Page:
This is SPECIAL education

In September I was terrified of Bridget entering kindergarten and transitioning from the Spinnaker program to a new self-contained special education classroom. Even though I knew the special education teacher for years, leaving the sanctuary of Spinnaker was heart wrenching.

I knew I was over-reacting and worrying for nothing. However loud the brain is shouting, the heart beat of panic is louder. Six months later I am happy to report that not only are we surviving kindergarten, Bridget is thriving. 

The program her teacher has designed has given Bridget the tools for tremendous growth. Her sensory issues are almost non-existent. She has had a language explosion that I never dreamed could happen.  We still struggle with getting Bridget to answer questions, there are still moments of extreme frustration. And then miracles happen.

I am getting ready to leave the house. In September I would have said: Bye Bridget, I love you. She would look at me and smile. Six months later I was leaving the house. I said: Bye Bridget I love you. She replied.

She replied.

She replied, “Bye Mom, I love you”.

I finally after seven years of waiting, heard that milestone of my child telling me she loved me.

February 19th was an incredible day.

And it is a direct result of a school system that invests in their special education programs. Rather than having a one-size fits all mentality, they created a classroom that allows for individual success. They have allowed the teachers and ESPs to think outside the box, heck they created a whole new box.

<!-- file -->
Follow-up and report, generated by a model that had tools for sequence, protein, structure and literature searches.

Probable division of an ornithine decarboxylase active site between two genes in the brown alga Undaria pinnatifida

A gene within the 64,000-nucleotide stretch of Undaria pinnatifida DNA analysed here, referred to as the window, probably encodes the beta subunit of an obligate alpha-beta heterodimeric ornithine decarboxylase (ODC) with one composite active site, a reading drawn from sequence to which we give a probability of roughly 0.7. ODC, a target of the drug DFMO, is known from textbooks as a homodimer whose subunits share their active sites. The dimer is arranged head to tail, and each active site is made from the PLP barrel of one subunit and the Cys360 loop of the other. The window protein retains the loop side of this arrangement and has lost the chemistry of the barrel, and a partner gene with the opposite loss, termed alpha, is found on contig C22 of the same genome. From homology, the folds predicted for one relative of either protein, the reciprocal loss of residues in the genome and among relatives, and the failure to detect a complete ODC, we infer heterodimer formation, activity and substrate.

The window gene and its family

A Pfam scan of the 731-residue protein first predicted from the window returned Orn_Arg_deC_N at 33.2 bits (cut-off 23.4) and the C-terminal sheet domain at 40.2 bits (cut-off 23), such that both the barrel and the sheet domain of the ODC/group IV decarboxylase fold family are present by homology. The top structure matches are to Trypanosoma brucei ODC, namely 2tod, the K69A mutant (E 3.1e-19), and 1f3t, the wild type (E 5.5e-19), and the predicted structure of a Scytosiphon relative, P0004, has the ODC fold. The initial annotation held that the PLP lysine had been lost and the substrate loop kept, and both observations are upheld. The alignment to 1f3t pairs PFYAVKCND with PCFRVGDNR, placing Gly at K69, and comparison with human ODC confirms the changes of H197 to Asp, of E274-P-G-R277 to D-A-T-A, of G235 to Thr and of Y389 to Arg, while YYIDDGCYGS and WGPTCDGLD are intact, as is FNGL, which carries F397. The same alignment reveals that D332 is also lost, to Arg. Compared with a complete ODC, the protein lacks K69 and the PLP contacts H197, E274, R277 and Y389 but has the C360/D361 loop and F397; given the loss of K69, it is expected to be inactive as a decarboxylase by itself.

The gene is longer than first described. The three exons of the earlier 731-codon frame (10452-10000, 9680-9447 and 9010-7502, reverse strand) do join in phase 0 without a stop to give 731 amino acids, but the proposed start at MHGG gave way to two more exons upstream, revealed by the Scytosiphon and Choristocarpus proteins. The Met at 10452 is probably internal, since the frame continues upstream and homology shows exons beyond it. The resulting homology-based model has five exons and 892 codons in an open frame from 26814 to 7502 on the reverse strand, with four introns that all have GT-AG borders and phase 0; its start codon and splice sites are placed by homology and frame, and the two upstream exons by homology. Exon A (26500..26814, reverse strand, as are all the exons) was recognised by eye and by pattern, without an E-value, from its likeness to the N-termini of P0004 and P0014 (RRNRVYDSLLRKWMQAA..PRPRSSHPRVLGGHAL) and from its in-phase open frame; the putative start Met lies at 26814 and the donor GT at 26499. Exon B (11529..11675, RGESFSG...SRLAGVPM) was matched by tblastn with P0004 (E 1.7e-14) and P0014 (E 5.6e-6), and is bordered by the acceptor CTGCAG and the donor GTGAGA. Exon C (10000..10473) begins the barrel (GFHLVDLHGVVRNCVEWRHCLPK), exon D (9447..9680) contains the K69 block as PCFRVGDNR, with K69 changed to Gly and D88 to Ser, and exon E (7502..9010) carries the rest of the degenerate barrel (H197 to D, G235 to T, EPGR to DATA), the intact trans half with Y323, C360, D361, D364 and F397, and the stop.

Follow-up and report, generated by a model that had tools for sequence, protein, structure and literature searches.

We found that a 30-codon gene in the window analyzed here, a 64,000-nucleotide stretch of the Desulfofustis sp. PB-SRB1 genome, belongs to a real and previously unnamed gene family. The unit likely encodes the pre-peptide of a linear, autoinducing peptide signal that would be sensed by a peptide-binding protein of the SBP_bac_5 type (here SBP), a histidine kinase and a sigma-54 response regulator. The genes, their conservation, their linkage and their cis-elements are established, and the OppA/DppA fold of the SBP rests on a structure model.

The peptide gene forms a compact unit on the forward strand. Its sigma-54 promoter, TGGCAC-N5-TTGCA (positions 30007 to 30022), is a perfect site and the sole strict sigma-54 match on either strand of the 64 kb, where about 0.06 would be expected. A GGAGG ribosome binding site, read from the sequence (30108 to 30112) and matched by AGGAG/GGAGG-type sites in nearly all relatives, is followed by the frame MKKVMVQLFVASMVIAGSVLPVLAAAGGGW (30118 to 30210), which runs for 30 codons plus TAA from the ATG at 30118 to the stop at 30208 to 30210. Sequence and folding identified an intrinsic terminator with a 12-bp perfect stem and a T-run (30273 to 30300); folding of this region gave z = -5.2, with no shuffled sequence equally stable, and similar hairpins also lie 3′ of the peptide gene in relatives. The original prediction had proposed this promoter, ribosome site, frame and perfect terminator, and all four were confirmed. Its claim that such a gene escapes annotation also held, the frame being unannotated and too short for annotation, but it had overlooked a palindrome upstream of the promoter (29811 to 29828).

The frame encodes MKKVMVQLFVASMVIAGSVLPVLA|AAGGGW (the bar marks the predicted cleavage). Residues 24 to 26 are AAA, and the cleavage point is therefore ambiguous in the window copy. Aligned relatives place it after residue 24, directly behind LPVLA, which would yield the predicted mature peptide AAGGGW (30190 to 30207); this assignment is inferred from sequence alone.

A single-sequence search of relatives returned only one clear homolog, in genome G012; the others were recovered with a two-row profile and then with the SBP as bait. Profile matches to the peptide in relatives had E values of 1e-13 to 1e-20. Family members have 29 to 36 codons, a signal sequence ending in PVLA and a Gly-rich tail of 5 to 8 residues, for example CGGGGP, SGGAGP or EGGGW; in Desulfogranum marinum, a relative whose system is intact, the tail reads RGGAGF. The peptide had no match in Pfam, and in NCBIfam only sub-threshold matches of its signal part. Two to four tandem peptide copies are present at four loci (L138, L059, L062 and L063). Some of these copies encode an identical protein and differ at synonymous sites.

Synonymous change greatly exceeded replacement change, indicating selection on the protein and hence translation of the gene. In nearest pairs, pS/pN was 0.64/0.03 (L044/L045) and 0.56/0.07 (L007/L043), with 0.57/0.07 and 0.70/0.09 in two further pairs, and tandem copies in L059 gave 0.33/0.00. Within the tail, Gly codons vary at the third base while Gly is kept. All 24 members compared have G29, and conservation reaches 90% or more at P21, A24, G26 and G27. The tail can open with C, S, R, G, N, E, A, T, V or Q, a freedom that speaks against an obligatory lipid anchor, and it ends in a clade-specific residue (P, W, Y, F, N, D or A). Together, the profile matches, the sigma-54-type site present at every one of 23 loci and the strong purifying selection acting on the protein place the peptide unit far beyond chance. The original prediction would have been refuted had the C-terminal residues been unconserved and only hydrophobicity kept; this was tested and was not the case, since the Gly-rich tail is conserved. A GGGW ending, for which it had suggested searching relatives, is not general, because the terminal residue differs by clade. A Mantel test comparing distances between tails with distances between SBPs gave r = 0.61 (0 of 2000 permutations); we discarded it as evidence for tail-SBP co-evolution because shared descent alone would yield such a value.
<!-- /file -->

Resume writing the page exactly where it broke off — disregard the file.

The Special Education team worked with the school administration and arranged a field trip to the high school pool. Bridget has been in hydrotherapy for 6 years and in adaptive swim lessons for two. I know that the pool has been beneficial for building her muscles and assisting her sensory processing disorder.

I had no idea that it would affect her language.

Her teacher, thinking out of that box, took time on her vacation to create a video montage of the experience. On her own time and effort, she sent it to the parents. Here is Bridget’s reaction:

This child who cannot tell me about her day, now had total recall of the pool. We could stop the video and she could say: Miss Wendy jumped in the pool. Something that wasn’t even pictured! She could point to Tyler, and say “my friend”. This was the third time watching the video.  The more she watches the video, the more details emerge.

Thank you to everyone who gave us this moment.

These moments are so important to a parent of a child with special needs. We need these moments to carry us through when life is sometimes so difficult and frustrating.  Our children needs these moments as well. They need to shine and be given the opportunity to succeed.  They need to make friends and be able to tell us about their day.

I am so very lucky to have Bridget enrolled in a school system that allows every child to have their moment.

 

 

 

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